The environmental activist group Friends of the Earth has sued the U.S. Environmental Protection Agency (EPA) demanding that the EPA make a finding of endangerment caused by the lead in avgas. The situation sounds ominous, but really wouldn’t change the way, or probably even the timetable, of aviation’s move to a lead-free fuel.
An EPA finding of endangerment is really the first step in a very long, many year process of creating new regulations. The words “finding of endangerment” imply that immediate, or even very quick action is required, but that’s not the case.
When the EPA makes a finding of endangerment it means that a threat to human health and the environment has been identified. Since lead has been recognized as a health and environmental risk for decades it is no surprise that the tiny amount of lead in avgas will eventually be added to the endangerment list. The finding starts the ball rolling to establish a process to eliminate or minimize the threat and in avgas the threat is the presence of lead.
Though the EPA has not yet made a finding of endangerment caused by leaded avgas, the aviation industry and the FAA have been searching for a workable unleaded avgas for years. An EPA finding, even one directed by the courts, will not accelerate the work already going on to find a replacement fuel because the research is and has been going forward.
The EPA has also stipulated that it is the FAA that must regulate aircraft fuels because the risks to safety are so fundamental. The fleet of piston aircraft was certified to operate on the existing avgas and any change in fuel type will require certified changes in at least some aircraft operations and neither the EPA nor the courts have the ability or jurisdiction to do that.
What we know after years of research and study by groups including EAA, AOPA, fuel and engine manufacturers and the FAA, is that there is absolutely no direct replacement fuel for leaded avgas. Without the small amount of lead used in avgas no fuel can exactly match every characteristic and performance factor of 100LL. Perhaps an unleaded fuel can deliver the octane—detonation resistance—of leaded avgas, but even if that’s possible, other important fuel performance factors such as vapor pressure or storage life will be different. Auto fuel can work in some smaller aircraft engines, but absolutely cannot perform in more powerful engines and certainly not in turbocharged engines. It is the larger, more powerful engines that consume the majority of avgas because those engines are on airplanes used for business travel, ag work, fire suppression and even regional airliners while the smaller engines power airplanes used primarily for recreational flying.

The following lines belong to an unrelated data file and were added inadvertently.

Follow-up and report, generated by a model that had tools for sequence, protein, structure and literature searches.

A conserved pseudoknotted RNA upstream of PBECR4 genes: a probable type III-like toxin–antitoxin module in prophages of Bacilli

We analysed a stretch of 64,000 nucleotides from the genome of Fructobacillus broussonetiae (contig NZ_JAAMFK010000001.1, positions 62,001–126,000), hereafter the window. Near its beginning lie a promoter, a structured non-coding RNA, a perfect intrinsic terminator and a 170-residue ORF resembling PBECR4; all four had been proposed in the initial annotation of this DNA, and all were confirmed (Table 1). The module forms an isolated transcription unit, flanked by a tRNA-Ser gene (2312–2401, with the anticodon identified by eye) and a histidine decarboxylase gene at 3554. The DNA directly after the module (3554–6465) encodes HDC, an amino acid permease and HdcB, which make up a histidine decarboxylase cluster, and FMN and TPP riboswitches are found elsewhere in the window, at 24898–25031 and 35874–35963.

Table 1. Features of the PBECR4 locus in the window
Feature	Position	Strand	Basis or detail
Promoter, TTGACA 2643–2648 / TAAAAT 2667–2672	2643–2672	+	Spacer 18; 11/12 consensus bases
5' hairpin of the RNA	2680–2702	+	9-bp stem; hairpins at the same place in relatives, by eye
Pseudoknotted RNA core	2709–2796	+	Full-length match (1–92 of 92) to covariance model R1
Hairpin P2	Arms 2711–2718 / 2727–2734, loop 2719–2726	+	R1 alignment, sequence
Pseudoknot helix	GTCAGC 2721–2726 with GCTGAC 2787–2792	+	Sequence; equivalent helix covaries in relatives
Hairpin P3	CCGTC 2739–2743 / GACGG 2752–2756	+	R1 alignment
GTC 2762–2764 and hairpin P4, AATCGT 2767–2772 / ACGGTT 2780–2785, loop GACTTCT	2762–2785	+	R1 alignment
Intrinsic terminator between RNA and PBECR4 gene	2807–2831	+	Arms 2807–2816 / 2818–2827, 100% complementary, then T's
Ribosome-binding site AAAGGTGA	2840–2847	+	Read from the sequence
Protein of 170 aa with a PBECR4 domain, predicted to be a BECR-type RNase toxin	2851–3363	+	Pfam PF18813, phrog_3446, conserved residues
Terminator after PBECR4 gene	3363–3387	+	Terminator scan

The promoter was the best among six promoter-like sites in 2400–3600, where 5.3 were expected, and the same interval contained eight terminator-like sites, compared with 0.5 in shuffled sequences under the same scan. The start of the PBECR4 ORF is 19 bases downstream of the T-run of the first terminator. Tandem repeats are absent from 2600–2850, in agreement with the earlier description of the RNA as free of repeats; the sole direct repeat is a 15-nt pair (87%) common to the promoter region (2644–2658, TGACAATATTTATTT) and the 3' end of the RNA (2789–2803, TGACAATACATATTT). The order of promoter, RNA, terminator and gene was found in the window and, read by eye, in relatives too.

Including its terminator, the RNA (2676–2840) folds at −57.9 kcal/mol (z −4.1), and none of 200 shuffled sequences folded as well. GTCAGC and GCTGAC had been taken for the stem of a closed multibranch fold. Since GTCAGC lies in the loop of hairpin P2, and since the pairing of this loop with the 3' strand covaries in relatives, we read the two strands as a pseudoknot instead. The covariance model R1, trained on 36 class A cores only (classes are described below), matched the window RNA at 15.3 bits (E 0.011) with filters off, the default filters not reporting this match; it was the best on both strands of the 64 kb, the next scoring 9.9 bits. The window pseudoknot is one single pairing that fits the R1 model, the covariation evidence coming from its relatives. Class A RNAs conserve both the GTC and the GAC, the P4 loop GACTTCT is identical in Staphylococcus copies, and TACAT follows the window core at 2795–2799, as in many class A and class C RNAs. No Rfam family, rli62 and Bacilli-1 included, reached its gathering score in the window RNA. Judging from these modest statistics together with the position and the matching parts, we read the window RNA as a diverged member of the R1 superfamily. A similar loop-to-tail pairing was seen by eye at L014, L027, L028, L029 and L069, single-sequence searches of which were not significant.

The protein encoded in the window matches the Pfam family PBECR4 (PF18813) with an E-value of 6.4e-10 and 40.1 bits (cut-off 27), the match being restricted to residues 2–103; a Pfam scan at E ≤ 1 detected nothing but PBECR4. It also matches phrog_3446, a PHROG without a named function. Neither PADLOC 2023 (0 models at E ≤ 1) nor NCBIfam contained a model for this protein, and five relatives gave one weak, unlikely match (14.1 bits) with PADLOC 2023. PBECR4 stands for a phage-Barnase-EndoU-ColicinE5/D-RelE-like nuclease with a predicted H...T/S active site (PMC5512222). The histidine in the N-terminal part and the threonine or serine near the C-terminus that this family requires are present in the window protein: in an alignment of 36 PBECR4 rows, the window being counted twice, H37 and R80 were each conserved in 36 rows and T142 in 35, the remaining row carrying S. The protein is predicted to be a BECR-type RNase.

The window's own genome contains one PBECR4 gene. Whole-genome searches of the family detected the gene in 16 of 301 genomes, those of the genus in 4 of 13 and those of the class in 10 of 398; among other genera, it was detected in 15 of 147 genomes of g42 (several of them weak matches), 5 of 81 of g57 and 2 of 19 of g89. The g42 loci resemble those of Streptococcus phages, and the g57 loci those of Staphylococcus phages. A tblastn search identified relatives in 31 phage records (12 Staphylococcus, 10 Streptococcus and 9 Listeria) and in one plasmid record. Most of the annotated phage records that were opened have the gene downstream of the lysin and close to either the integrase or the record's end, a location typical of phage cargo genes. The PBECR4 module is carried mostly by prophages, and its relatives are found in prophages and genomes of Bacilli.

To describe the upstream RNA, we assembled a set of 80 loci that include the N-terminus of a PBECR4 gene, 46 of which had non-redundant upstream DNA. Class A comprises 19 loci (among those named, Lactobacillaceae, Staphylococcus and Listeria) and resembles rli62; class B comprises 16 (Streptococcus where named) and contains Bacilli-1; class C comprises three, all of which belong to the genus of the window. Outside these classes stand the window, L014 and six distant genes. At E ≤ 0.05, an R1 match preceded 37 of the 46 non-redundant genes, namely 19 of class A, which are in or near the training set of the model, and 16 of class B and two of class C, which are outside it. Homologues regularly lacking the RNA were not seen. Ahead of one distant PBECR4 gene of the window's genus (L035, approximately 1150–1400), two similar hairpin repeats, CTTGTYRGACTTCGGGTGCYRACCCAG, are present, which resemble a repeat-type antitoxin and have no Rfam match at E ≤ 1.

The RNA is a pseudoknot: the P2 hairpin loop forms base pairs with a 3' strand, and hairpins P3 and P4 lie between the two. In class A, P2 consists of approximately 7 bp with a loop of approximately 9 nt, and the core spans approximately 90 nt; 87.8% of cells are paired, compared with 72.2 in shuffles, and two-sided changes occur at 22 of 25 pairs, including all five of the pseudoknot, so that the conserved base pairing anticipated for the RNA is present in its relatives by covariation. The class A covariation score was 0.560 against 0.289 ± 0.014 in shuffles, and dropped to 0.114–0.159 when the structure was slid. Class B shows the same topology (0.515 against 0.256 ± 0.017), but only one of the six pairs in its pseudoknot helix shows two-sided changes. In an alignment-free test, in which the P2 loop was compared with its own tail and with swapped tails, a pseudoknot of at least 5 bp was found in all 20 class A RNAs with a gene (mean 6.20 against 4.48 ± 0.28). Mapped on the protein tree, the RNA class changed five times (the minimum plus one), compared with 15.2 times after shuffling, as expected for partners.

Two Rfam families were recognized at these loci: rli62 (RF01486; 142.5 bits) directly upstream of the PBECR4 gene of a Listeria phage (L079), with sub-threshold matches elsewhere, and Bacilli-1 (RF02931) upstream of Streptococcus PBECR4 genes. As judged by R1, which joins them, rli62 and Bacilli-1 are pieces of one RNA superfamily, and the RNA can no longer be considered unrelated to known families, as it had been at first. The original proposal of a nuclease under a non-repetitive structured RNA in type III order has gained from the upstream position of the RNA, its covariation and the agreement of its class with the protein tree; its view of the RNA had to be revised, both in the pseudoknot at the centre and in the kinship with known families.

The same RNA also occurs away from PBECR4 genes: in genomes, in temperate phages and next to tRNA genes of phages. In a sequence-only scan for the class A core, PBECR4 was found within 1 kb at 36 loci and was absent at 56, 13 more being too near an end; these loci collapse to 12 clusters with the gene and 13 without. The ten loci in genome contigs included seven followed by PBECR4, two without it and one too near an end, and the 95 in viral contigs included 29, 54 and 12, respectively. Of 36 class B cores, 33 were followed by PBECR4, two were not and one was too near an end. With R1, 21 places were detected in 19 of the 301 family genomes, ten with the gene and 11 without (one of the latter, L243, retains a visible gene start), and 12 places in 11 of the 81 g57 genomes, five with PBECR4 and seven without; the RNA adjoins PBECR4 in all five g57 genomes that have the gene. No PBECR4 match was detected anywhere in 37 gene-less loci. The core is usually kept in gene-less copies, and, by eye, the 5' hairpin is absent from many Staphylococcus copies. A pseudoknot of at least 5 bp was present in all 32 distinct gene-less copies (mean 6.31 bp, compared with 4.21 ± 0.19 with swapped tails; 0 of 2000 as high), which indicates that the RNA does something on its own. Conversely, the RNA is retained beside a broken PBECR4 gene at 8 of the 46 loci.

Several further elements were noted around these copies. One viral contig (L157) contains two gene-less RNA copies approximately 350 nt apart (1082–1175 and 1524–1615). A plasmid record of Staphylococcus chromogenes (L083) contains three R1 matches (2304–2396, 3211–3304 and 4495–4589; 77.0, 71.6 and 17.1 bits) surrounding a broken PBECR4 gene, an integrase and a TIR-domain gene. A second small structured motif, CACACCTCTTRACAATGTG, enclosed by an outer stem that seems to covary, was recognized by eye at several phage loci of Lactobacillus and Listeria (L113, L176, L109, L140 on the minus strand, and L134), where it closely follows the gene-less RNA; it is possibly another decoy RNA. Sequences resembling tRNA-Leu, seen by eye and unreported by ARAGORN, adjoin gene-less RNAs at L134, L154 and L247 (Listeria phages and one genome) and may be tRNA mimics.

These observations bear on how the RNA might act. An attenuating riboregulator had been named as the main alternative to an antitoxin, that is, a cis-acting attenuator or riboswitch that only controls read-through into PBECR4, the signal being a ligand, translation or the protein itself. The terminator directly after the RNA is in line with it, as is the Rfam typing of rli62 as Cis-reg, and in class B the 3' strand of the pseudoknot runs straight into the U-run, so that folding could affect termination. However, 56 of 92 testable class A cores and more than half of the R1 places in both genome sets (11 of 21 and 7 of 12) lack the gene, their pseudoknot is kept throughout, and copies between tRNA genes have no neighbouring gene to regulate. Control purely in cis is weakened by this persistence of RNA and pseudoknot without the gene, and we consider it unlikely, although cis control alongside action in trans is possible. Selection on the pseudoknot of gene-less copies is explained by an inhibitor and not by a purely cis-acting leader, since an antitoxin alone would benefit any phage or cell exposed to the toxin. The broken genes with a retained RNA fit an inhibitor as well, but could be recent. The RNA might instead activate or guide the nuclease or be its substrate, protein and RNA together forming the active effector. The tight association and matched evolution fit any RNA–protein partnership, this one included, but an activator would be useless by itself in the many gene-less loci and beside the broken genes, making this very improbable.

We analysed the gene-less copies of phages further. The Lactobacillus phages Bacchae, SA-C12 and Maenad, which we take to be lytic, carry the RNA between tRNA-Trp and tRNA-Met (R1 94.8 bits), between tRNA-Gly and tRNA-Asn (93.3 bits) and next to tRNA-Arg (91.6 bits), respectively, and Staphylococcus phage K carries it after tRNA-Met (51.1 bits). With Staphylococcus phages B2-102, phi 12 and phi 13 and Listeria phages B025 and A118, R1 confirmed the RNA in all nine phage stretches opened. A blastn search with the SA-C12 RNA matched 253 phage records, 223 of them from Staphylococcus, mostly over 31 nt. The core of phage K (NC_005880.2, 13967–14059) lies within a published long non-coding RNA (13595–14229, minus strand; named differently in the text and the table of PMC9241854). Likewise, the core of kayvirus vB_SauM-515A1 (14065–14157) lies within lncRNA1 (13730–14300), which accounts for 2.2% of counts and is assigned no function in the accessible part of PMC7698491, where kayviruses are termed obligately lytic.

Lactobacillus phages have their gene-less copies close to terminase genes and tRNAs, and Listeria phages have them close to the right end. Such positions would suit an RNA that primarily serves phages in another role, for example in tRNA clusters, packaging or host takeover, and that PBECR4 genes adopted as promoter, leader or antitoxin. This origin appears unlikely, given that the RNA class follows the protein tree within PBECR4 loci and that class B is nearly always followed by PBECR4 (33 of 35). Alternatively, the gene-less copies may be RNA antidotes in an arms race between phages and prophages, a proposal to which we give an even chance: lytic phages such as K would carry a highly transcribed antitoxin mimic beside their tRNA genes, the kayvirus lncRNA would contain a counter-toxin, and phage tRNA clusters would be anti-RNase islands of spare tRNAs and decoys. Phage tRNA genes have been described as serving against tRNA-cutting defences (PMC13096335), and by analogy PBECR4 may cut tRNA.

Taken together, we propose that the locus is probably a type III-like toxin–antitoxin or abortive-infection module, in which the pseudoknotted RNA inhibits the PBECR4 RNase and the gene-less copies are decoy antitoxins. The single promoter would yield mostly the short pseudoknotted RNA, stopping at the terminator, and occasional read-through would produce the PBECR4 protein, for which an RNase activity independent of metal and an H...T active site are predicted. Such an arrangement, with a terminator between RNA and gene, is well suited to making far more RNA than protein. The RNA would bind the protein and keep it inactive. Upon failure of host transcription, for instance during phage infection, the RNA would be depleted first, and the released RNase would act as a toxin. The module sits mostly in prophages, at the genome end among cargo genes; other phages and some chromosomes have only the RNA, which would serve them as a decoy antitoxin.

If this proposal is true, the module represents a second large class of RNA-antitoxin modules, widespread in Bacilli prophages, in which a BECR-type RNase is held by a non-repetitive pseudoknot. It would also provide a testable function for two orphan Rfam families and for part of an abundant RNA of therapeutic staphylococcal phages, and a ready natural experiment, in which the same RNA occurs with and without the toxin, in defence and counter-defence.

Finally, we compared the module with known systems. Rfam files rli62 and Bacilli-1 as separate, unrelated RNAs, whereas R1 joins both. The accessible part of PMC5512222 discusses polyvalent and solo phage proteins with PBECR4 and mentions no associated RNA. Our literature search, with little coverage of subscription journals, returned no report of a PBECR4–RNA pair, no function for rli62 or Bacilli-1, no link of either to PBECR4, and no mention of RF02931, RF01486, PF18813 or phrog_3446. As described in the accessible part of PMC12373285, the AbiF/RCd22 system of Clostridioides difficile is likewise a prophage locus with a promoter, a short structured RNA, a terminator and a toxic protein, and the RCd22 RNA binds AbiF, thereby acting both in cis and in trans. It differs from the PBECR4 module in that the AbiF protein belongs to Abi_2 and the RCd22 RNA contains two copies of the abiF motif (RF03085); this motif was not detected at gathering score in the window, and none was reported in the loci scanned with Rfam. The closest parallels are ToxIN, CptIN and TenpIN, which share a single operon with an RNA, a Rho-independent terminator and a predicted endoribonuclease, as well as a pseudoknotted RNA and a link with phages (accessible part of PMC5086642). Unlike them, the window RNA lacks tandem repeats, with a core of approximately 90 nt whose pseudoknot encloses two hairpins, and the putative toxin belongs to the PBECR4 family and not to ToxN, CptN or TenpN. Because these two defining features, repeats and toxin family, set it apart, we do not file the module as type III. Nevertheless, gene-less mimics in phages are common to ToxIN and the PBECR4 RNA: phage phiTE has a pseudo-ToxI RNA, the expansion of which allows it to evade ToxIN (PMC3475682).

Because there is no viable alternative yet to 100LL neither the EPA nor the courts can order piston airplane operators to use fuel B instead of fuel A. There is no fuel B. The search is on, and has been for many years, to create a specification for an alternative fuel, but that goal of creating a new fuel spec and all of the ramifications involved in making a new fuel and getting it into the system, is many years into the future
I’m not trying to minimize the importance of any EPA or court action because finding a 100LL alternative is critical. But nothing is going to change anytime soon. Avgas will continue to be available for years to come and there will be many years needed to make the transition to a new fuel once the fuel becomes available. Now for the price of avgas or any fuel, that’s impossible to predict but I am sure avgas will remain available in the U.S.